What happens when groups of the nation’s wealthiest Wall Streeters get together in a secret society to chime, rip and rhyme about the perceived persecutions of their tirelessly wealthy lifestyle?
You can find out in a recent story published in New York Magazine by a reporter who crashed a Kappa Beta Phi initiation of Wall Street’s notable elites.
A nation’s elite tells much about the direction of a country. Sometimes, it depicts progress and commitment, hard work and determination. But here, in this drag-induced, skit-filled arena, we have 200 of the nation’s top executives from all of the too-big-to-fail institutions, private equity firms and hedge funds preparing to induct 21 “neophytes” to an ingratiated-esque culture.
The New York Magazine article presents a terrific insight into this supposed secret event: “Dixie” and “I Believe” songs turned relevant with new phrases that mocked the financial crisis, while others giggled at the thought of having to be bailed out by the government’s ever-watchful eye. Combined with a few tasteless jokes, we have a party fit for the individuals the author claimed included enough wealth and power that if you had dropped a bomb on the roof, global finance as we know it might have ceased to exist.
I’m always interested in financial goings-on, being an aspiring financial services lawyer may do that to me. Yet I’m even more interested in the mindset of our 1 percent. Since the financial services industry seems to comprise a healthy percentage of that 1 percent, their conduct is indicative of our nation’s character, not to mention our future. I don’t side with Occupy Wall Street. I don’t side with those who ridicule the wealthy and create class divides. What a pathetic excuse to drum up votes. A majority of the wealthy are hardworking and don’t display this type of mockery.
I also don’t side with a handful of people controlling the affairs of our country, yet we allow it to happen. I do, however, side with class, morals and the only thing that we have left — our character. No amount of money can truly change that.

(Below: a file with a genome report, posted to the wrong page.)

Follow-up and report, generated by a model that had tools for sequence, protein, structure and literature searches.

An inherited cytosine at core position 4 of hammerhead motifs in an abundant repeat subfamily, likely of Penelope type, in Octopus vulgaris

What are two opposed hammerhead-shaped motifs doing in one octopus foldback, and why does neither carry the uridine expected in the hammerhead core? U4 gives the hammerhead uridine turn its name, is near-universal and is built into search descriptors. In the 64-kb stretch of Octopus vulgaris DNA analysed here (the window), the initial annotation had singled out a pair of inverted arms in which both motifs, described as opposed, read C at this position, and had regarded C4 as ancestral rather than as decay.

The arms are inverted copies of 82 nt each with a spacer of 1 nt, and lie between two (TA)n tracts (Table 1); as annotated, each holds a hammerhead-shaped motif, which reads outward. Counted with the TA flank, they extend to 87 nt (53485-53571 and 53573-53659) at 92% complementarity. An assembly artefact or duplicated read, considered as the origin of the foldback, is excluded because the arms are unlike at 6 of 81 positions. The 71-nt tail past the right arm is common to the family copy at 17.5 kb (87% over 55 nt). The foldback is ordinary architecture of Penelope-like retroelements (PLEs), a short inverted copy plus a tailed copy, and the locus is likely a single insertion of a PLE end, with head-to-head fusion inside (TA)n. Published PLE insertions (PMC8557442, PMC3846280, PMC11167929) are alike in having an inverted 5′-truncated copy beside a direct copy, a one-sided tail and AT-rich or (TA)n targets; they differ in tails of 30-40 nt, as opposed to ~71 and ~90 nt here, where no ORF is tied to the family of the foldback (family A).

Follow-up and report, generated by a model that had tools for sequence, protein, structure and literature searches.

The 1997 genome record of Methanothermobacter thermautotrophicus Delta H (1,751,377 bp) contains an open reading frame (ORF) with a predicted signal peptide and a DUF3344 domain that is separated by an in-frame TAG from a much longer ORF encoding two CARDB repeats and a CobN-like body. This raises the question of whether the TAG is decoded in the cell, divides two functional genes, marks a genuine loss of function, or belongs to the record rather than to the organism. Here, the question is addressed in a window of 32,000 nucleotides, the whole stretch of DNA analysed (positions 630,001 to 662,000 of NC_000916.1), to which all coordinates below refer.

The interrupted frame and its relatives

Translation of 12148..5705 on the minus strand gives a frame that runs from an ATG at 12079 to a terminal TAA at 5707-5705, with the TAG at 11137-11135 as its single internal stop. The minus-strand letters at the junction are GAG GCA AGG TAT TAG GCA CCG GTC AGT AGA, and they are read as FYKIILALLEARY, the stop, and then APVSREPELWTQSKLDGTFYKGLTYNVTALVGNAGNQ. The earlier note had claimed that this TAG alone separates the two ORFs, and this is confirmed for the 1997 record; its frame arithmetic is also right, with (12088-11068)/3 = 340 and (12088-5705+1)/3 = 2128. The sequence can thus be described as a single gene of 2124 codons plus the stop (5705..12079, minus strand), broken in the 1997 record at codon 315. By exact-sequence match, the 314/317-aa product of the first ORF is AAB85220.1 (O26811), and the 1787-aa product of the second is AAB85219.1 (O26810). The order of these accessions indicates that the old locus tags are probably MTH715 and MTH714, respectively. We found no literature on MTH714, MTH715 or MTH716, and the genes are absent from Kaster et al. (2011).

A nation where politicians and elites gleefully side with the “House of Cards”-like activity in our nation’s capital and elsewhere is suspect and troubling. And these same business leaders at this ceremony happily recite and mock the necessity of government handouts and corporate welfare. Peggy Noonan struck a pitch-perfect chord with her recent “Our Decadence Elites” blog piece.
It’s telling that this secret society conduct is a slap in the face to hardworking Americans who, by necessity, take life one day at a time — living paycheck to paycheck, bearing responsibility with little rest and little thanks. Americans faced tough days with slashed 401(k)s and delayed retirement back when the onset of our government’s poor policy decisions were being revealed.
It’s telling of a nation’s future where elites blame government for their problems, and the government blames them for the problems of everyone. That sort of game is fit for cronyism if I’ve ever seen it.
Finally, it’s telling of a nation with elites gawking at its citizenry with supposed unpretentious, jolly good ole times. I agree with Ms. Noonan, it seems like they were not laughing in the moment, but laughing at us.
How interesting our nation’s economic future looks in the hands of these few from a thousand miles away.
Cory Ferraez is a third-year law student from Columbus.